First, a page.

There is no question the name of the game for the San Francisco 49ers defense will be containing Minnesota Vikings RB Adrian Peterson. A three-time first-team All-Pro selection, Peterson was not given the nickname, “All Day,” for nothing.
Now, as he prepares for his first game back since being suspended by the NFL for alleged child abuse, the verdict is out if the 49ers new-look defense can contain the six-time Pro Bowl running back.
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Historically, Peterson has not fared well against the red and gold, as he’s had limited success in three career games all while never reaching the end zone. A testament to the 49ers coaching staff for making the Vikings one-dimensional, they will need to have a similar encore performance, as Peterson is the engine that makes that offense go — and it all starts up front.
— Ryan Sakamoto (@SakamotoRyan) September 8, 2015
The 49ers have a new-look front seven, as they lost five starters from last year’s team including three linebackers. Fast forward to today and surprisingly the 49ers front seven is still dominant, as they have three healthy starters back in the mix including NT Ian Williams (team captain), DE Glenn Dorsey, and ILB NaVorro Bowman (team captain).
So how can the 49ers contain Peterson? By clogging up running lanes with gap integrity all while setting the edge on the outside.
Vikings OC Norv Turner uses a power-run scheme aimed at pulling his lineman to hit the second-level while creating cut-back lanes for Peterson to exploit. If the 49ers can anchor the point of attack while maintaing gap-integrity, that should allow linebackers ILB NaVorro Bowman and ILB Michael Wilhoite to shoot the A-gaps with ease.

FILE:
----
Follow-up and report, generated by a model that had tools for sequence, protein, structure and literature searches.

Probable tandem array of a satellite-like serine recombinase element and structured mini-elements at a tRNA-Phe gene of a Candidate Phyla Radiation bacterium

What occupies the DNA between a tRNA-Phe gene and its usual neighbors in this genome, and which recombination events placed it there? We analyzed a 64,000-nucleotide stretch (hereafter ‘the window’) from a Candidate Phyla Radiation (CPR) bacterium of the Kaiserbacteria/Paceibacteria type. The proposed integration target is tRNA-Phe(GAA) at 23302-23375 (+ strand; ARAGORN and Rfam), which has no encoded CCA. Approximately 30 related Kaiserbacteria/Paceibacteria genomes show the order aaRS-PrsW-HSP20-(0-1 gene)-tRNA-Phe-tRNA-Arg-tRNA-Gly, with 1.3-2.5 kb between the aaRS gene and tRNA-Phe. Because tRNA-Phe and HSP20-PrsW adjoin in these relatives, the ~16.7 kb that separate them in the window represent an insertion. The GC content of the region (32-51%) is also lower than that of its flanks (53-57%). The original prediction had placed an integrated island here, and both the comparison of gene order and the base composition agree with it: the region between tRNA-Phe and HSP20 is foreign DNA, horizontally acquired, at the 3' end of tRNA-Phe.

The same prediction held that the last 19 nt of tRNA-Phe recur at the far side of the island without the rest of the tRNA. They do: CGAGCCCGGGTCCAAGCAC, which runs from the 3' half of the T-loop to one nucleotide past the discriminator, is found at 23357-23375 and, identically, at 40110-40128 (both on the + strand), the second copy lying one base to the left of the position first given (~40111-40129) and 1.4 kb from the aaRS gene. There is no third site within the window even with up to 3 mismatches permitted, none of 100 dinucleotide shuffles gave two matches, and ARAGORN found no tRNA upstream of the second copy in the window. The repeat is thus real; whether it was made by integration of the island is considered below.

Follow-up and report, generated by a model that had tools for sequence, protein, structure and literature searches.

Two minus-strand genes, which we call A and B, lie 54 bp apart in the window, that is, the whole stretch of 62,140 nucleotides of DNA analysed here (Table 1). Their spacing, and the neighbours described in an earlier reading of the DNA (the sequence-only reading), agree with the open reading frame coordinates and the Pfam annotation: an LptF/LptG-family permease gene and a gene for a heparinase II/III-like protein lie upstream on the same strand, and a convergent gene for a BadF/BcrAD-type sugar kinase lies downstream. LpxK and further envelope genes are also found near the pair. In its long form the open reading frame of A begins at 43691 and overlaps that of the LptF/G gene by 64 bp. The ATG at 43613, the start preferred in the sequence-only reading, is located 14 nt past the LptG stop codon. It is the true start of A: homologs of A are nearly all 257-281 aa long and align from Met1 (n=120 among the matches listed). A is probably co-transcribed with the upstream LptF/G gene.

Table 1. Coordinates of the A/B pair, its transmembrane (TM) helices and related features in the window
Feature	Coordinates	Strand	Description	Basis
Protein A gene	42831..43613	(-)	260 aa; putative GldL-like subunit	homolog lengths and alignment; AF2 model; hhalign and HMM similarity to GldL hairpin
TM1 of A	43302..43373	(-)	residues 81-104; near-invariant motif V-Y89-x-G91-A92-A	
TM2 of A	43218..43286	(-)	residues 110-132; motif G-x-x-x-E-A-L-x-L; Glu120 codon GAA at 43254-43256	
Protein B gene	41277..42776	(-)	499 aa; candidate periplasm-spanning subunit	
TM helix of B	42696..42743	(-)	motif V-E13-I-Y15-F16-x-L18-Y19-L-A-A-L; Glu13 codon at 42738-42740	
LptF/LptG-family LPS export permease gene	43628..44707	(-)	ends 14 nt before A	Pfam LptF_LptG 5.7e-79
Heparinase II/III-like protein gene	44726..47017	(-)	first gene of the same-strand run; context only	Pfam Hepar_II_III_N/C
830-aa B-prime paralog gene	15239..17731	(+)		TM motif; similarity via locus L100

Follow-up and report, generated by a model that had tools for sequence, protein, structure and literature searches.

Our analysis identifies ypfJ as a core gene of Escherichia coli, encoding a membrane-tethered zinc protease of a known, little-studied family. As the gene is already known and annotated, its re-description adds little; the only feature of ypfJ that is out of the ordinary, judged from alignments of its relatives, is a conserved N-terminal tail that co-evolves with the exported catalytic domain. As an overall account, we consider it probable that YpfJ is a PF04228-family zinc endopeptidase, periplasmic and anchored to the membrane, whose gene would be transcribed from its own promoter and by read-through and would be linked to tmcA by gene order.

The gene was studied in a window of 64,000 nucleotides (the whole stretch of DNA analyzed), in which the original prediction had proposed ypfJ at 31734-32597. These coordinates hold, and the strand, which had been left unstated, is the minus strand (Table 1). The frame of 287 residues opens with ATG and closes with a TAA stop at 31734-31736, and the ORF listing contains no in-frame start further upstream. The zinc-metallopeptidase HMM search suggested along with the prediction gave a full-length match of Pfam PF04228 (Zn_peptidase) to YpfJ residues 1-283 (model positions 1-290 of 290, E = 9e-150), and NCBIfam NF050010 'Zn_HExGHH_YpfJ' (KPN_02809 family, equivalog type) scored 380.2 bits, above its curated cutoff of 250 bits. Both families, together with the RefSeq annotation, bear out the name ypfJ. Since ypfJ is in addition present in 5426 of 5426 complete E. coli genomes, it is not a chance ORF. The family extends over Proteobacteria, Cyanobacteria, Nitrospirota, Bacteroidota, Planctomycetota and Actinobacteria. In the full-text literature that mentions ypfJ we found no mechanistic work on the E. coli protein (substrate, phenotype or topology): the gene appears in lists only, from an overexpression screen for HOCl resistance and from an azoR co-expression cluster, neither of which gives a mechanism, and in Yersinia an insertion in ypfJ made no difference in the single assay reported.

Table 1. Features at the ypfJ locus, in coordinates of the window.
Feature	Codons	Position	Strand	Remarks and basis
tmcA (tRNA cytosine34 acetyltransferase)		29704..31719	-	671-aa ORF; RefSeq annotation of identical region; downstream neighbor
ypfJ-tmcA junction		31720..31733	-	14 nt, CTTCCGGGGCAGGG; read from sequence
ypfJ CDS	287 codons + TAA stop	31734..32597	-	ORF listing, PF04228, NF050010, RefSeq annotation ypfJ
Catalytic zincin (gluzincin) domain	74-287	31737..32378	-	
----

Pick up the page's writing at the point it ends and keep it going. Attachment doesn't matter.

Not to mention, it will open things up on the outside as second-year OLB Aaron Lynch will be able to then set the edge forcing plays back inside, there will be little real-estate for Peterson to work with as he will be suffocated at or near the line of scrimmage.
The Vikings desperately needed help at right tackle last year and as a result drafted fourth-round pick (No. 110) T T.J. Clemmings. A rookie who was drafted to provide depth from the tackle position behind RT Phil Loadholt, it appears that Clemmings is now in line to start as Loadholt suffered a season-ending Achilles injury last month.
Look for Lynch to take advantage of the Pittsburgh product, as Clemmings tends to fall off his blocks when his base gets too narrow in the running game. If this happens that can be disaster for the Vikings offense, as they will have no choice but to run up the gut or to LT Matt Kalil’s side.
If Mangini can dictate the running game, he can then overload one side by bringing FS Eric Reid and SS Antoine Bethea down in the box. Sure it will leave the cornerbacks on an island pre-snap, but it will also keep QB Teddy Bridgewater on his toes, as he will have no idea if Reid or Bethea will come up in run support or back off as the single-high safety.
An aggressive approach but one that will cause confusion, look for Mangini to give an abundance of exotic looks as safeties, cornerbacks, and linebackers will all show blitz at some point during the game.
If the 49ers can contain Peterson and keep him bottled up for four-quarters that should bode well for the 49ers stingy defense. A task easier said than done, look for the 49ers to do that and more as I predict Peterson to finish with a stat line around 24 carries for 84 rushing yards.
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